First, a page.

> 1886), Section: Lincoln's Fame, Start Page 571, Quote Page 573, Column
> 2, The Century Company, New York. (Google Books Full View) link [/ref]
> https://books.google.com/books?id=VYxHAQAAMAAJ&q=%22looking+people%22#v=snippet&
> [Begin excerpt]
> One night he had a dream, which he repeated the next morning to the
> writer of these lines, which quaintly illustrates his unpretending and
> kindly democracy. He was in some great assembly; the people made a
> lane to let him pass. "He is a common-looking fellow," some one said.
> Lincoln in his dream turned to his critic and replied, in his Quaker
> phrase, "Friend, the Lord prefers common-looking people: that is why
> he made so many of them."
> [End excerpt]
> William Dean Howells used the phrase "common people" when he
> attributed an instance of the remark to Lincoln in the January 1886
> issue of "Harper's New Monthly Magazine". The issue was available a
> few weeks before the cover date:
> [ref] 1886 January, Harper's New Monthly Magazine, Editor's Study (by
> William Dean Howells), Start Page 321, Quote Page 325, Column 1,
> Harper & Brothers Publishers, New York. (Google Books Full View) link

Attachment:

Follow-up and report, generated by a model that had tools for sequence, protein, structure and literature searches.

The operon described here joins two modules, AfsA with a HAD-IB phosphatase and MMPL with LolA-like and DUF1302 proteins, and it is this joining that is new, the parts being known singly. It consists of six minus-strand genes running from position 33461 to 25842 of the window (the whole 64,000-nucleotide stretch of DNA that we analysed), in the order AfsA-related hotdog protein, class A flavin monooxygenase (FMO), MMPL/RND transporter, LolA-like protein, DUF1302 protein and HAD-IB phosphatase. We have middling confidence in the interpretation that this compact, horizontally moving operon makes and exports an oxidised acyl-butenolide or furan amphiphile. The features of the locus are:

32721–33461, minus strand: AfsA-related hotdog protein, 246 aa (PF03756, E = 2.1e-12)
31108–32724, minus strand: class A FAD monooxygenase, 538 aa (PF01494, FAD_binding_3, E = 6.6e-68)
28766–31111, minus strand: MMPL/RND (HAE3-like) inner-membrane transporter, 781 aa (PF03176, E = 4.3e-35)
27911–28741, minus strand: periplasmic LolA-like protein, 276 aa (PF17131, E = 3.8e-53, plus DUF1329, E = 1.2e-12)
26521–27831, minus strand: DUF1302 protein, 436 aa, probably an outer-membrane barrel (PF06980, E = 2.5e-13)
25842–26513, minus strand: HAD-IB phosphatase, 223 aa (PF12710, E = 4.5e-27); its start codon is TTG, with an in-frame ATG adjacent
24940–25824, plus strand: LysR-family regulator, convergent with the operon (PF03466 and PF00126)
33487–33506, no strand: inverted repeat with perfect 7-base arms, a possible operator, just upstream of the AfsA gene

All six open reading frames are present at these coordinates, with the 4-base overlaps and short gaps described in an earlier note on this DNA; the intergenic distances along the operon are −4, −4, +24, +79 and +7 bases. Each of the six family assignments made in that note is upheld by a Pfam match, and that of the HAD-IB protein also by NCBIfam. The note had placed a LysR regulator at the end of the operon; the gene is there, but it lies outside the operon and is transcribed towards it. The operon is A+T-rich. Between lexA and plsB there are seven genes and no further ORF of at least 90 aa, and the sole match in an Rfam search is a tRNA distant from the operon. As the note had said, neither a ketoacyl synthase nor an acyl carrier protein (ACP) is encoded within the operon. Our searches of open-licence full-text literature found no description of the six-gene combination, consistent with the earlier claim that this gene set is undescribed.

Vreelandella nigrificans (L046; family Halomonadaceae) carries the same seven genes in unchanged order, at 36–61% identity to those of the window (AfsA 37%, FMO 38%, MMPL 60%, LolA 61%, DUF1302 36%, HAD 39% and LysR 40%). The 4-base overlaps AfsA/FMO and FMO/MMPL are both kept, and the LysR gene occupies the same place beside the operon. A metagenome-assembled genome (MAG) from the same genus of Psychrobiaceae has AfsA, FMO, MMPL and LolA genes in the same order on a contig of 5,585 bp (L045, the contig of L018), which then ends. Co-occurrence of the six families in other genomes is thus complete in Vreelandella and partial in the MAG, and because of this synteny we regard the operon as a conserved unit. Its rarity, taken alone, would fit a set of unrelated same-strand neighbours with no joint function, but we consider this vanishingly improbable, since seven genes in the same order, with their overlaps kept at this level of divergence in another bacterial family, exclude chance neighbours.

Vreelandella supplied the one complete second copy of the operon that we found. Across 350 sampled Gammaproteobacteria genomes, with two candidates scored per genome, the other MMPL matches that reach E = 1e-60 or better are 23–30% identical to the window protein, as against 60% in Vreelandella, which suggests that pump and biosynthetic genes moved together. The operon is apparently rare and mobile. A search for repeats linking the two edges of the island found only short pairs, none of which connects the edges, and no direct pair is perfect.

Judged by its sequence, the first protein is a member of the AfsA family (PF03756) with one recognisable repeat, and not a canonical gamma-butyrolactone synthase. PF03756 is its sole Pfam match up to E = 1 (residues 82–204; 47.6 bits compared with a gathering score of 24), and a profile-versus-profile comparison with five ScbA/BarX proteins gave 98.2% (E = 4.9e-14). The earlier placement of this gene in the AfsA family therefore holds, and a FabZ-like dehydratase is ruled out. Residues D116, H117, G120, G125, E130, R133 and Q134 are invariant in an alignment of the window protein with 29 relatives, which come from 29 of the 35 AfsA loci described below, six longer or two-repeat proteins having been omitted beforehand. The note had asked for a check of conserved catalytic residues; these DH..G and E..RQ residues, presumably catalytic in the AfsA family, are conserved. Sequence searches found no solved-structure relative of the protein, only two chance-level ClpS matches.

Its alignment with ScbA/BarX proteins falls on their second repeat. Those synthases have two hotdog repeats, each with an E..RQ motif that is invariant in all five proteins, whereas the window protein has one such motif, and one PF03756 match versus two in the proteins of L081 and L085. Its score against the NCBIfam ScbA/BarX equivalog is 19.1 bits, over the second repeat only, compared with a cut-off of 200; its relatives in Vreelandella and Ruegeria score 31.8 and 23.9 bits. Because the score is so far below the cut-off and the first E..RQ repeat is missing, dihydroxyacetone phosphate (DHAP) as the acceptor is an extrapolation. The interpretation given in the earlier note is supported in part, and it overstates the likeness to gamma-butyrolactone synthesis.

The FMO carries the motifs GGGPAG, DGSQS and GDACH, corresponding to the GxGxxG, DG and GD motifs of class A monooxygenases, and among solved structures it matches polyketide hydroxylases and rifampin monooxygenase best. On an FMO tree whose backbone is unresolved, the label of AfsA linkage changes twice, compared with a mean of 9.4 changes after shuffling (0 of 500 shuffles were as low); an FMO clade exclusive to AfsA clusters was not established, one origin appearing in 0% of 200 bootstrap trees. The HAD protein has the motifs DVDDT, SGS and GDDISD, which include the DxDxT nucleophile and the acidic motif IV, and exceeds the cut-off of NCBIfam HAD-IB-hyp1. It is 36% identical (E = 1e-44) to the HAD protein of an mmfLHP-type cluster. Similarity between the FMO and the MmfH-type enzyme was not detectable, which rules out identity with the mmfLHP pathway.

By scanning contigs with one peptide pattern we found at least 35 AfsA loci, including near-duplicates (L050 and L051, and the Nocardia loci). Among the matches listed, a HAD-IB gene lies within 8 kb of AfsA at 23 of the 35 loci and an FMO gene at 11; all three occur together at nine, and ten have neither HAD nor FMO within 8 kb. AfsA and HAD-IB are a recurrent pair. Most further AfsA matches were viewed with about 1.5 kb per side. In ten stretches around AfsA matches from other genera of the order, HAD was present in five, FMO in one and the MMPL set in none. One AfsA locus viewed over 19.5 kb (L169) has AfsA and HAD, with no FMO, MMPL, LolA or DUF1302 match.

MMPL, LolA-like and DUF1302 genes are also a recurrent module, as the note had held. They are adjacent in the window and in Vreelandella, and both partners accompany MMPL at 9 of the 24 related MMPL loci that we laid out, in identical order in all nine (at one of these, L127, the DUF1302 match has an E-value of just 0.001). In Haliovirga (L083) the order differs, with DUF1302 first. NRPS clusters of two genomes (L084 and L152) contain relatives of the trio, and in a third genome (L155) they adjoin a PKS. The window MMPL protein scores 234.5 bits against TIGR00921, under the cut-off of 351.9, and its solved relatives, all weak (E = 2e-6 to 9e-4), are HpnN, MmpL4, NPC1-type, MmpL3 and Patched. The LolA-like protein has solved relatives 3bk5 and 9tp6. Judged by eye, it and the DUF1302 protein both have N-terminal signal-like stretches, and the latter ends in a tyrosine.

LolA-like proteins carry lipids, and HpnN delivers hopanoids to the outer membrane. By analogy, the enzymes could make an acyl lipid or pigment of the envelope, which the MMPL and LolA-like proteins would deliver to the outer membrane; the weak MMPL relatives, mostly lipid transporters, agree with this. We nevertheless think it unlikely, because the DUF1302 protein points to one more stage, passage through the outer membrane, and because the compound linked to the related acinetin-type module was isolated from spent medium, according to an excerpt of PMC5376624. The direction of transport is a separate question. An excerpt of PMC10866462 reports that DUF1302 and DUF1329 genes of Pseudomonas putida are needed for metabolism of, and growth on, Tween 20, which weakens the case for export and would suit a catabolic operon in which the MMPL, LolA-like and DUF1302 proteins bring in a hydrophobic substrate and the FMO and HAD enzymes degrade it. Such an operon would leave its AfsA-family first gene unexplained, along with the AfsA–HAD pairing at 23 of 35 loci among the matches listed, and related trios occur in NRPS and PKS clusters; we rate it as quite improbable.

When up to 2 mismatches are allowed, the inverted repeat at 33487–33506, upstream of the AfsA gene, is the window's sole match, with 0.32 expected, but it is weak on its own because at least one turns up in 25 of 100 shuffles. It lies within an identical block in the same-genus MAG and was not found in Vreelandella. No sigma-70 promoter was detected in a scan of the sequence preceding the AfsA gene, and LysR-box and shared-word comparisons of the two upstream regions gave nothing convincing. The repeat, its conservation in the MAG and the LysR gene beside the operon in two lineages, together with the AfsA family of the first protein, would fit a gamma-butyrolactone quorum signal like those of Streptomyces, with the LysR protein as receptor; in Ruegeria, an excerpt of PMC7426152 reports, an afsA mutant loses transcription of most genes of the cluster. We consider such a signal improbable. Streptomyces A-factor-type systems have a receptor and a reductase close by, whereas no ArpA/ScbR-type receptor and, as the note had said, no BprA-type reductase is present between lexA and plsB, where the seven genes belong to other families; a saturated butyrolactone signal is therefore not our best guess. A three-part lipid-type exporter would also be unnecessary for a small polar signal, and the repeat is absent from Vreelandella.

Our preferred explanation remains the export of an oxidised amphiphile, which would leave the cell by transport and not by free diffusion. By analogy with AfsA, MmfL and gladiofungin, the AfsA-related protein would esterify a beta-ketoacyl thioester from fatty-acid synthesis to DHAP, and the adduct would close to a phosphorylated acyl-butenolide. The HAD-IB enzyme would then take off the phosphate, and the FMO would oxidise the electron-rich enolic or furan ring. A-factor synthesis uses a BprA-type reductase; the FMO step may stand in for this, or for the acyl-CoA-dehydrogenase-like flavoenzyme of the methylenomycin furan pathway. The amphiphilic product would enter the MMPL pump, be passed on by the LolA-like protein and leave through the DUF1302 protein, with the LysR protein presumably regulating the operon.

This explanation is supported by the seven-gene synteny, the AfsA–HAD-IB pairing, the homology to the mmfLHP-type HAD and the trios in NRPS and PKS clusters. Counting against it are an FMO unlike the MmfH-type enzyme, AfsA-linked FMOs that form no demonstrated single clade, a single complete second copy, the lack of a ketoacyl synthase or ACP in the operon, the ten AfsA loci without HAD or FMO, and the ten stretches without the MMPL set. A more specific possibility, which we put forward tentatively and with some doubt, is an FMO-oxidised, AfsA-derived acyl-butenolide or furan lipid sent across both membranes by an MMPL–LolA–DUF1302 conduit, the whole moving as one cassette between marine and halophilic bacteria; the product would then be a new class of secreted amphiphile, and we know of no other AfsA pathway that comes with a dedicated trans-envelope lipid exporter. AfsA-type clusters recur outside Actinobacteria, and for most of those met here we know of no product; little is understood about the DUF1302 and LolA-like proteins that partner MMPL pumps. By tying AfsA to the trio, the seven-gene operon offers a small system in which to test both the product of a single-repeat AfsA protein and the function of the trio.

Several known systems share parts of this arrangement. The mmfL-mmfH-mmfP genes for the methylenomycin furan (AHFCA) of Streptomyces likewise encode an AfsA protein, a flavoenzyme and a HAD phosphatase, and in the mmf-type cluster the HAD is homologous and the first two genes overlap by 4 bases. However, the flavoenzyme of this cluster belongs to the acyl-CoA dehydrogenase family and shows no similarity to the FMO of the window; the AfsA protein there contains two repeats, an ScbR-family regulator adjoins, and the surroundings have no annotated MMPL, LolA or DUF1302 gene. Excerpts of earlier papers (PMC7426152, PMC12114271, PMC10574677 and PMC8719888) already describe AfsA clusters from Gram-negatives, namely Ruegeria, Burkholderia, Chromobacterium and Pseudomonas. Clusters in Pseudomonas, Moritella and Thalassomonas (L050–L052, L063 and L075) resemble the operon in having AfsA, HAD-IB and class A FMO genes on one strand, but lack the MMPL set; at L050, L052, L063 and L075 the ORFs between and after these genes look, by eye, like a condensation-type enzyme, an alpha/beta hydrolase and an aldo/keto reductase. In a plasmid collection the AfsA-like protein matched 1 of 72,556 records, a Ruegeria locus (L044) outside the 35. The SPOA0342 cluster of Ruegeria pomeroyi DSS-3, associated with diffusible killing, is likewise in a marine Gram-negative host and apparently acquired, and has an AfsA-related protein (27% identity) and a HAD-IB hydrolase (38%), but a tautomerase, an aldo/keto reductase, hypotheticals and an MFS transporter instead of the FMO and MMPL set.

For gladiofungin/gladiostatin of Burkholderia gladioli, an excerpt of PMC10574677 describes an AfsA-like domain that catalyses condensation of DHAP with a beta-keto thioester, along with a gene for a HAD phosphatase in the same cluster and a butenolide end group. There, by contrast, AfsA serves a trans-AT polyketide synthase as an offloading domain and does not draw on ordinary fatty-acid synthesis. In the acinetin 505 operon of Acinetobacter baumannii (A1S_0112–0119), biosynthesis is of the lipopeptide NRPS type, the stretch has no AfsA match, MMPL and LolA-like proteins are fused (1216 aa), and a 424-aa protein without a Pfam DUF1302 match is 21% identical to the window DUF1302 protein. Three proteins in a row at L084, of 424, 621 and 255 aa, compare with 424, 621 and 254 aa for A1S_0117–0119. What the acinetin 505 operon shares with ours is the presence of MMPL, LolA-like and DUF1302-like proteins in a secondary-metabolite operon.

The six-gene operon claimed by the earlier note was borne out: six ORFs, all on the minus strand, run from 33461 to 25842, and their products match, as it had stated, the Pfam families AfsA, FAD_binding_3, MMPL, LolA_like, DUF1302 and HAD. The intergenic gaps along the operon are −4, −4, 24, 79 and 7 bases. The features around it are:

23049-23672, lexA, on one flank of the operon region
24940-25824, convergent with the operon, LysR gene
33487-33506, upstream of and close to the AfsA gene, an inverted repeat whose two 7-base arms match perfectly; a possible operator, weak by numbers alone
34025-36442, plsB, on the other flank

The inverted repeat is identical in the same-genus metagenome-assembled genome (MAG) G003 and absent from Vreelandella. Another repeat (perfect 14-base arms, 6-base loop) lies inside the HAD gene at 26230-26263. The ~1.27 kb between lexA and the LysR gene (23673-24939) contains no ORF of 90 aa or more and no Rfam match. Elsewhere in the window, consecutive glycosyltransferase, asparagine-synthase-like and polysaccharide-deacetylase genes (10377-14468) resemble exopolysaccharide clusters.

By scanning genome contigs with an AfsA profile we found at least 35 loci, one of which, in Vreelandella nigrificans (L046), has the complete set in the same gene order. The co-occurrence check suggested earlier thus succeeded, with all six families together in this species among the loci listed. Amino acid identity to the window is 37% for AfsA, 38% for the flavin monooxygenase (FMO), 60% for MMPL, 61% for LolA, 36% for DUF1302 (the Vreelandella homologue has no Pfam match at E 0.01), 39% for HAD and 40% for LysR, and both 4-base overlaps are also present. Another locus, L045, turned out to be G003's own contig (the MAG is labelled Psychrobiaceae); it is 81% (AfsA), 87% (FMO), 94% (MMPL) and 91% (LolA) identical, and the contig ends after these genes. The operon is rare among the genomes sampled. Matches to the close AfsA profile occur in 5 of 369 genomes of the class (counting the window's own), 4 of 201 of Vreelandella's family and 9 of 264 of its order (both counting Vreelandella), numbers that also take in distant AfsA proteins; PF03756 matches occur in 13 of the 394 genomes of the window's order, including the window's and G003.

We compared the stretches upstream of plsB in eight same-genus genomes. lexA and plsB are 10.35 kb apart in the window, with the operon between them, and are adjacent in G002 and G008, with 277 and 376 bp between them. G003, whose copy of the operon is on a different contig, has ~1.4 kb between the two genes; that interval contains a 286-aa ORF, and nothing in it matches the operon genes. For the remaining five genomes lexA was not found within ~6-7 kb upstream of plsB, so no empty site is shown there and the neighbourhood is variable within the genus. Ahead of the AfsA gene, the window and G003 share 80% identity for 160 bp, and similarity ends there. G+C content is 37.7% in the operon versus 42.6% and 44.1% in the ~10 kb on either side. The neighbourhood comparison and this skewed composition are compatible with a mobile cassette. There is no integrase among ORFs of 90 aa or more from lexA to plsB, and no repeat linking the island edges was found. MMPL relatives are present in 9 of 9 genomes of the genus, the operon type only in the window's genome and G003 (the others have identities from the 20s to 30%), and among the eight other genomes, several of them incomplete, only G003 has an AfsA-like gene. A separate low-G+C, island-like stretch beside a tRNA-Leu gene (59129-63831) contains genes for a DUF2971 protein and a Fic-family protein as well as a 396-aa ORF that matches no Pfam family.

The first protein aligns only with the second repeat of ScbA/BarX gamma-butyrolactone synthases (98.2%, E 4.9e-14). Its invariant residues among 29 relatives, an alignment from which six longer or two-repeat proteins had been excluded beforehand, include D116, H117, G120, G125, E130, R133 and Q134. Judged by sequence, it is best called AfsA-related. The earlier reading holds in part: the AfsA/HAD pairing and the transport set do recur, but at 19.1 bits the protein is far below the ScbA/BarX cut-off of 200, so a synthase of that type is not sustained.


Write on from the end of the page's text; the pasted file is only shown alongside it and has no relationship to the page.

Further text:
> [/ref]
> https://books.google.com/books?id=Ls0aAAAAYAAJ&q=%22whom+Lincoln%22#v=snippet&
> [Begin excerpt]
> It has always been supposed by grammarians and purists that a language
> can be kept as they find it; but languages, while they live, are
> perpetually changing. God apparently meant them for the common
> people—whom Lincoln believed God liked because He had made so many of
> them; and the common people will use them freely as they use other
> gifts of God.
> [End excerpt]
> As noted above, the January 1886 issue of "Harper's New Monthly
> Magazine" was available a few weeks before its cover date. The passage
> above was reprinted in a Buffalo, New York newspaper in December 1885:
> Date: December 17, 1885
> Newspaper: Buffalo Commercial Advertiser
> Newspaper Location: Buffalo, New York
> Article: Table Talk
> Quote Page 2, Column 2
> Database: Newspapers.com
> The passage in the "Buffalo Commercial Advertiser" was nearly
> identical to the passage in "Harper's New Monthly Magazine". Thus, the
> redundant text is omitted here.
> In January 1886 an Iowa newspaper printed a concise version of the
> "common people" saying ascribed to Lincoln. The citation below was
> located and clipped by Peter Reitan before I started my search.
> Date: January 14, 1886
> Newspaper: The Iowa State Register
> Newspaper Location: Des Moines, Iowa
> Article: Common People
> Quote Page 4, Column 3
> Database: Newspapers.com
> [Begin excerpt]
> Abraham Lincoln said that God must like common people, he made so many
> of them. What a large place In his affections then must our toiling
> millions of hardworking wives and mothers occupy.
> [End excerpt]
> Garson O'Toole
> QuoteInvestigator.com
> On Sun, Mar 17, 2019 at 11:53 AM Mordechai (Morty) Schiller
> <mordechai.schiller at gmail.com> wrote:
> >
> > It wasn't Abraham Lincoln. Who was it?
> > Thanks,
> > Mordechai Schiller
> >